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The Warring Writer: Aeschylus Tragedy

Let’s say you are considered the “father of tragedy”. Even in your own lifetime, everyone knows you have revolutionized drama and changed the theatre game. Do you think it would be mentioned on your tomb? Surely a throw away reference at least? But no, not for Aeschylus. The man who wrote between 70 and 90

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The Dramatic Greek: One man’s non-tragic life

Some people have drama follow them wherever they go, while others just write about it. Sophocles, the prolific ancient greek playwright, was definitely the latter.  He enjoyed an ideal existence, all while changing the face of Tragedy and penning some fairly morbid ideas for future psycho-analysts, like Sigmund Freud.   Hailing from just outside Athens,

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Walk Like an Egyptian: Early Greek Art

It easily falls into the ‘conspiracy’ category – but that doesn’t mean it isn’t a fun story to tell. We are all taught that empires rise and fall and that every new beginning comes from some other beginning’s end. Ancient Greece and Ancient Egypt were no exception. The year was 1336 BC and the Egyptian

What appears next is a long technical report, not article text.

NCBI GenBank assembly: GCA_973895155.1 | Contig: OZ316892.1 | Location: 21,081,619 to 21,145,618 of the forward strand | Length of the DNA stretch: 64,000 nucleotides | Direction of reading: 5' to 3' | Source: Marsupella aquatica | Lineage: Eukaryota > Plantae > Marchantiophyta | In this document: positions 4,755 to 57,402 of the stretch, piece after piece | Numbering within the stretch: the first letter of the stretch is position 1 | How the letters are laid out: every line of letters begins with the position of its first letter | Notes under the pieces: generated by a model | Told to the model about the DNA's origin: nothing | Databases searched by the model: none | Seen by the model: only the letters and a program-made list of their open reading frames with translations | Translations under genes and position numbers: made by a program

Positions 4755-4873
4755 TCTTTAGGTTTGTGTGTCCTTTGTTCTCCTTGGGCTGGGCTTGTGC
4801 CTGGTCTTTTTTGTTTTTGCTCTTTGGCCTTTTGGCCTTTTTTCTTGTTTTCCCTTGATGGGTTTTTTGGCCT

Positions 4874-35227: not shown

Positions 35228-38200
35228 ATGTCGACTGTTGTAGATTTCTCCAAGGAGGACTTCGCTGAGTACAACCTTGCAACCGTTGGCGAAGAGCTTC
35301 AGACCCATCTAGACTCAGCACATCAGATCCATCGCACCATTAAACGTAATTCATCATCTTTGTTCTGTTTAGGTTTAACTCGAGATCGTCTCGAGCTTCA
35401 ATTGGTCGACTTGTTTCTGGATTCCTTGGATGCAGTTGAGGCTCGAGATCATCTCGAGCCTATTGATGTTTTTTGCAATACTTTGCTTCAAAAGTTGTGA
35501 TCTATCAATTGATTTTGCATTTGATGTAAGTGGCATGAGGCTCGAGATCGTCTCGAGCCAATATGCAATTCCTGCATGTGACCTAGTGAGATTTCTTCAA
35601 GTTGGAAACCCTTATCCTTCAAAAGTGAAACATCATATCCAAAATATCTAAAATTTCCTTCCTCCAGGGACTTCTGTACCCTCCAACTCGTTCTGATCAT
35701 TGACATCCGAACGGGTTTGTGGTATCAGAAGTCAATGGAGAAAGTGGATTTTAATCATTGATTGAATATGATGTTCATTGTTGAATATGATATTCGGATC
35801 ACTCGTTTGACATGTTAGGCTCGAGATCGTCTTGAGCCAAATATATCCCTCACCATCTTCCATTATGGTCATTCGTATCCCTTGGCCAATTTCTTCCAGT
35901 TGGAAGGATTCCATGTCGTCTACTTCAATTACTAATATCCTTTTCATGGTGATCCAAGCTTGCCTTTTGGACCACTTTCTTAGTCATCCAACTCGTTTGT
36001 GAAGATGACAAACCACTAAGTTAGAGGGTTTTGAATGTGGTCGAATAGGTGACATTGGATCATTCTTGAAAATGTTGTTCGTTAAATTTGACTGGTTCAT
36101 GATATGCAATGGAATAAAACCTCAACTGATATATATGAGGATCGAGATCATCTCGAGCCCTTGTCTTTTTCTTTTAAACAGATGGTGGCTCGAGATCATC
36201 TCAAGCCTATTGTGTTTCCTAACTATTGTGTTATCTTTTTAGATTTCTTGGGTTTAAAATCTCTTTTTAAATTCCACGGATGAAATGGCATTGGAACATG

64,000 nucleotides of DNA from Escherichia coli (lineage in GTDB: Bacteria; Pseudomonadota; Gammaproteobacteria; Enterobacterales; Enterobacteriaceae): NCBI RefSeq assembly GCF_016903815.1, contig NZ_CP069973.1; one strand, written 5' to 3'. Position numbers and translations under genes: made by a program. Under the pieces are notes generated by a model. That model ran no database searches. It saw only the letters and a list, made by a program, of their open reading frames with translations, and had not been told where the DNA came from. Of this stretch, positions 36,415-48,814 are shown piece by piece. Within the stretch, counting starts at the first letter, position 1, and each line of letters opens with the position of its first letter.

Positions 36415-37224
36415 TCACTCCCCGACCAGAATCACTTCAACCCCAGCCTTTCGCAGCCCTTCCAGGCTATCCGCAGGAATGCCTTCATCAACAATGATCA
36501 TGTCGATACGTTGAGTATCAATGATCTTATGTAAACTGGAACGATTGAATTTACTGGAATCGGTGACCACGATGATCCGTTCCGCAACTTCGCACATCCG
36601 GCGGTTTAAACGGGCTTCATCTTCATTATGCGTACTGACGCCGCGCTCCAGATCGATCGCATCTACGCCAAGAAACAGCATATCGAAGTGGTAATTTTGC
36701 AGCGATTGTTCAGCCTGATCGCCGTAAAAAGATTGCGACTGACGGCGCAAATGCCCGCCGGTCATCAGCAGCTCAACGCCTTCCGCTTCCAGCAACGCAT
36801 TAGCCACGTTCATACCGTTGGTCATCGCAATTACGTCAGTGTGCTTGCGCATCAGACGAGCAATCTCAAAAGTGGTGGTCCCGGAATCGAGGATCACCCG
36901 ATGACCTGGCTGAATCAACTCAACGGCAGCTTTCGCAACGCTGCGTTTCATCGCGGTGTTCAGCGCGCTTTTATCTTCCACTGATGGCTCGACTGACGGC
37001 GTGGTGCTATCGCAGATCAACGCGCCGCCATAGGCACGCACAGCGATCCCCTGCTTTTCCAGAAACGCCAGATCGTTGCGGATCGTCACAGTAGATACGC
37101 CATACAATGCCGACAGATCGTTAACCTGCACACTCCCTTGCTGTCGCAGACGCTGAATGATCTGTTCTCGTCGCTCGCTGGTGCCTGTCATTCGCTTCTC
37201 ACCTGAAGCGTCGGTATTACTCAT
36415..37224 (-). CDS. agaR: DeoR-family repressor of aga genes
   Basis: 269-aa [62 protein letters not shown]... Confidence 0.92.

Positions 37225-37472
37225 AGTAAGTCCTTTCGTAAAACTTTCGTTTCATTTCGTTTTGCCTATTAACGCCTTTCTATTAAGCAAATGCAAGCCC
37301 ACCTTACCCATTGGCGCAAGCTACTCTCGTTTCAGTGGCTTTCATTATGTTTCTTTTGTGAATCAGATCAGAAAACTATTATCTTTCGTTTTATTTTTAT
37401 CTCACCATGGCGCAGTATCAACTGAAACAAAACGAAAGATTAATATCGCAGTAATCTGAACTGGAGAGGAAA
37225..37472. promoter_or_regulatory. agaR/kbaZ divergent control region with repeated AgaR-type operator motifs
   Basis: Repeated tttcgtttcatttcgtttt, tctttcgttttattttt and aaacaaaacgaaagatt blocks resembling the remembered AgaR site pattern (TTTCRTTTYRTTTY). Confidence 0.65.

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Aristotle’s Poetics – The Science of Tragedy

Aristotle probably would have liked Titanic. He might have even compared it to Sophocles’ Theban Plays, celebrating Jack and Rose as one might appreciate Antigone and Oedipus. We can’t be sure, of course, but in all likelihood Plato’s student would have praised the late 90’s sob story as an exemplary specimen of tragedy. Maybe that’s

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Aristotle The Philosopher who Knew it All

It has been said that he was a man who knew everything. In fact, he was considered the last man who did know everything. Was he born with a supernatural Rainman-like memory? Did the Gods imbue him with the divine gift of wisdom? Maybe, but probably not. In all likelihood, he did know everything of

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